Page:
During a lull in the fighting the group tired to make good their escape when a single shot rang out and Liam Lynch fell to the ground, mortally wounded.
Here again he showed his compassion for others when, as his comrades tried to carry him to safety, he saw he was slowing them down and ordered them to leave him and go on without him.
Some of his last words to his Free State captors were of the Civil War he had tried to prevent. “It should never have happened” he lamented “I am glad to be going away from it. Poor Ireland, poor Ireland.”
Among the few items they found on his person when he died was a notebook. It contained his notes for the meeting of IRA leaders he had been going to when they were attacked. They called for a settlement to be found with the Free Staters that would allow IRA volunteers to dump arms and end the Civil War.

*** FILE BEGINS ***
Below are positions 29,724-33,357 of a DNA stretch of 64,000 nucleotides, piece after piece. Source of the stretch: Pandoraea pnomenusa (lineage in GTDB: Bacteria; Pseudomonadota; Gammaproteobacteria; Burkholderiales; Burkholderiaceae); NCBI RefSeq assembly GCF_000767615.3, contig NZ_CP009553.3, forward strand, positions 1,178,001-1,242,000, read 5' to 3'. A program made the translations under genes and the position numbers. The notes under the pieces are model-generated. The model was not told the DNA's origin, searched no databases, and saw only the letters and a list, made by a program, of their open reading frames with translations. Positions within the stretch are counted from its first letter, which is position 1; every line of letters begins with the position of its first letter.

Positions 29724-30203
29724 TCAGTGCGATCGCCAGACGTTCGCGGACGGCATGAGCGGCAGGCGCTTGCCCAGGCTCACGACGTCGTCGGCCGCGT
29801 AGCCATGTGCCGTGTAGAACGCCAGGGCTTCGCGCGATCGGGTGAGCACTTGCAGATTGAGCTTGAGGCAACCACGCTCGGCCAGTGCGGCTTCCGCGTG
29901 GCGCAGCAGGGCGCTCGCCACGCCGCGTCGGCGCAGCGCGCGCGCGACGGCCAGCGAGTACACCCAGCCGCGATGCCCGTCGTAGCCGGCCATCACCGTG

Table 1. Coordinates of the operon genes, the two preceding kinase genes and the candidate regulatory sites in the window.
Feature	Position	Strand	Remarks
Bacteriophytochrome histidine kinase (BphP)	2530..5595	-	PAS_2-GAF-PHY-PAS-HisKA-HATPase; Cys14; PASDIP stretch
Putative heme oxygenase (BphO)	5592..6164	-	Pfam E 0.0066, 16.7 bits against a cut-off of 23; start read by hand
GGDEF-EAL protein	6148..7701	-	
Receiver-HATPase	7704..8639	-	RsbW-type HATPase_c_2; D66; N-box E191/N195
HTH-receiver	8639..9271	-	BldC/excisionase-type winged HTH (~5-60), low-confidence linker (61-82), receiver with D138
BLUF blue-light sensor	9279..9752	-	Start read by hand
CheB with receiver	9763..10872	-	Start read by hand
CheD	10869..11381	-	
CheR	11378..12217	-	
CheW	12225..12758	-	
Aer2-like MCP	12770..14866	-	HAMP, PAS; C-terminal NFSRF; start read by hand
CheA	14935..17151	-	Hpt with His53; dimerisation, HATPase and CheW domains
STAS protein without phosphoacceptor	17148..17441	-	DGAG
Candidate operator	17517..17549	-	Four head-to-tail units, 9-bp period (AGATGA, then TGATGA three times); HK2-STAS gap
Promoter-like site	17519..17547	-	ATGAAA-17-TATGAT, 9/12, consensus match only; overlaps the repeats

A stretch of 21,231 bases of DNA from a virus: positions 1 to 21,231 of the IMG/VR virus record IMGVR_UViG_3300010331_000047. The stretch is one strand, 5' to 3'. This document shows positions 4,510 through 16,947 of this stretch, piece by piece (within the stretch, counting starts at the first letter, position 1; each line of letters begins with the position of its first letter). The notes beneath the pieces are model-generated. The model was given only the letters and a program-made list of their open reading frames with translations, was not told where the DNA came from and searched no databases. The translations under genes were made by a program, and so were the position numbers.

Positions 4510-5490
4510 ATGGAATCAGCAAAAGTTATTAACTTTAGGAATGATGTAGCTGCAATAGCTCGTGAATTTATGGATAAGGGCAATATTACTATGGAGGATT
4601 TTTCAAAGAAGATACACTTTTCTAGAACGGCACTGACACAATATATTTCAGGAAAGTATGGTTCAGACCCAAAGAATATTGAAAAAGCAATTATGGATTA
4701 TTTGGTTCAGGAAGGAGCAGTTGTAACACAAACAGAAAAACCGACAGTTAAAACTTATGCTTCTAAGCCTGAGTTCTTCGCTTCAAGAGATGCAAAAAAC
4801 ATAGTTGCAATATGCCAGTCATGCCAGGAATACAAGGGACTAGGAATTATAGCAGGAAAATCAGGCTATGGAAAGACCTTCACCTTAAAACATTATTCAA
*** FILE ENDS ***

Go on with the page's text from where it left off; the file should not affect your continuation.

Cut down by fellow Irishmen with papers of peace in his pocket, it is sadly poetic that he fell on the 10th of April, the same day the Good Friday Agreement would be signed 75 years later.
This is the man revisionists would paint as a war monger.
One of his most famous declarations was also one of his most simple.
“We have declared for a Republic,” he said. “We will live under no other law.”
We too, all of us gathered here to remember this great man, have declared for a Republic and we too will live under no other law.
Thankfully, the days of enacting change with bullets has passed but bravery is still required.
Our Republic is Liam Lynch’s Republic.
It was not permitted to exist by Westminster in 1949, OUR Republic defiantly declared itself a reality in 1916. It did not seek permission to exist. It drew its authority, not from the acquiescence of a British parliament but from the Irish people.
That Republic lives today.
While our island may be divided, While this state may be subject to the whims of Irish Tories in Fine Gael and Fianna Fail, while our brothers and sisters in the north may find their democratic rights subject to the mood of a modern day viceroy, the nation, the Republic, is still alive.